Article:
Arable income was cut in half
ARABLE net farm income more than halved on average in 1997, according to provisional results from Grant Thornton.
Figures from the first 10,100ha (25,000 acres) of the companys latest survey, mainly in the east Midlands, show least efficient growers are now back in the red.
The main culprit was the average wheat price. At £84/t, it was £20/t less than in 1996. Lower yields also played a part – a 10% slide saw output struggle to top 7.4t/ha (3t/acre).
"Results from mainly combinable crop farms in the east Midlands show that farm gross margins have fallen by £75/acre, or 25%, to £226/acre," says the companys Mark Chatterton.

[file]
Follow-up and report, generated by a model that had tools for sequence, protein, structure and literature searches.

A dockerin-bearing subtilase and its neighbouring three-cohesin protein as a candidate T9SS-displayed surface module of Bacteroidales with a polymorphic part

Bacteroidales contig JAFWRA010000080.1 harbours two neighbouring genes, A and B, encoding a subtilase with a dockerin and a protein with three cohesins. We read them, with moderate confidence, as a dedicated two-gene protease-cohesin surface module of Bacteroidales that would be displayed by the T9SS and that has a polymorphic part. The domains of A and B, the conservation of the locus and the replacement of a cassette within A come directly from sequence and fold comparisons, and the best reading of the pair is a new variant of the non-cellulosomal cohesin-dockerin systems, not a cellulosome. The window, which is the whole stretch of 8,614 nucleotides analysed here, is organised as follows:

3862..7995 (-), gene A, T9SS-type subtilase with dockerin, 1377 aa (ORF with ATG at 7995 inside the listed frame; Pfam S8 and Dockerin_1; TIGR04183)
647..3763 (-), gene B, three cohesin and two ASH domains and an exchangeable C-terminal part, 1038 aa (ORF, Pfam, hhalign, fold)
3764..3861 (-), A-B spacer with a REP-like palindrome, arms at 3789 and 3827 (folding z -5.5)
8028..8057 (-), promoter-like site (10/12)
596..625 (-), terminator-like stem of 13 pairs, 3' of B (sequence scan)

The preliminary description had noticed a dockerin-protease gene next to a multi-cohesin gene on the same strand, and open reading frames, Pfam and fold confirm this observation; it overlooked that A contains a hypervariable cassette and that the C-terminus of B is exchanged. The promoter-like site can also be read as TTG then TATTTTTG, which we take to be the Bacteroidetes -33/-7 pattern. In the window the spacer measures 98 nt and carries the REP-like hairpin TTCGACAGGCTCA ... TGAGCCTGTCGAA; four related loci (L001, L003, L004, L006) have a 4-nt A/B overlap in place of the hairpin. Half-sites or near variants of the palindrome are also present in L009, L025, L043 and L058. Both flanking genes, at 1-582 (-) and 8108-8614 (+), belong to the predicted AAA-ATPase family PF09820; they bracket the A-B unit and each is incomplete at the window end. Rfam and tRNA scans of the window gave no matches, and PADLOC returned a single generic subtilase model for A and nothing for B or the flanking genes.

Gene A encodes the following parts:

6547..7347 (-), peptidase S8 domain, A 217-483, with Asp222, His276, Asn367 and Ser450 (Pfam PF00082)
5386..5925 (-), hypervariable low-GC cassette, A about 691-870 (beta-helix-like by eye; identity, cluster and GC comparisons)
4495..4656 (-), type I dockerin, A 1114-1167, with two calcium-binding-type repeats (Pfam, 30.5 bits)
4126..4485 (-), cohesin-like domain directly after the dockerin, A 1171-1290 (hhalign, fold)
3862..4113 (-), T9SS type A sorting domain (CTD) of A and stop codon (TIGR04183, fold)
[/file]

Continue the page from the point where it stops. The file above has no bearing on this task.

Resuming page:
There are big differences between farms, he notes. Growers in the top 25% bracket bettered the average gross margin by £111/ha (£46/acre), those in the bottom quartile fell short of it by £69/ha (£28/acre).
Top performers also made important savings on fixed costs, spending just £326/ha (£132/acre), £50/ha (£20/acre) less than the average and a massive £173/ha (£70/acre) less than least efficient growers.
The largest savings were made on labour, which cost £47/ha (£19/acre), and property repairs. However, even that could not prevent net farm income among the top 25% falling to £250/ha (£101/acre) this year from £481/ha (£195/acre) in 1996.
On average, farmers made £140/ha (£57/acre), less than half last years figure. But the least efficient quartile made a loss of £22/ha (£9/acre), down from a surplus of 114/ha (£46/acre).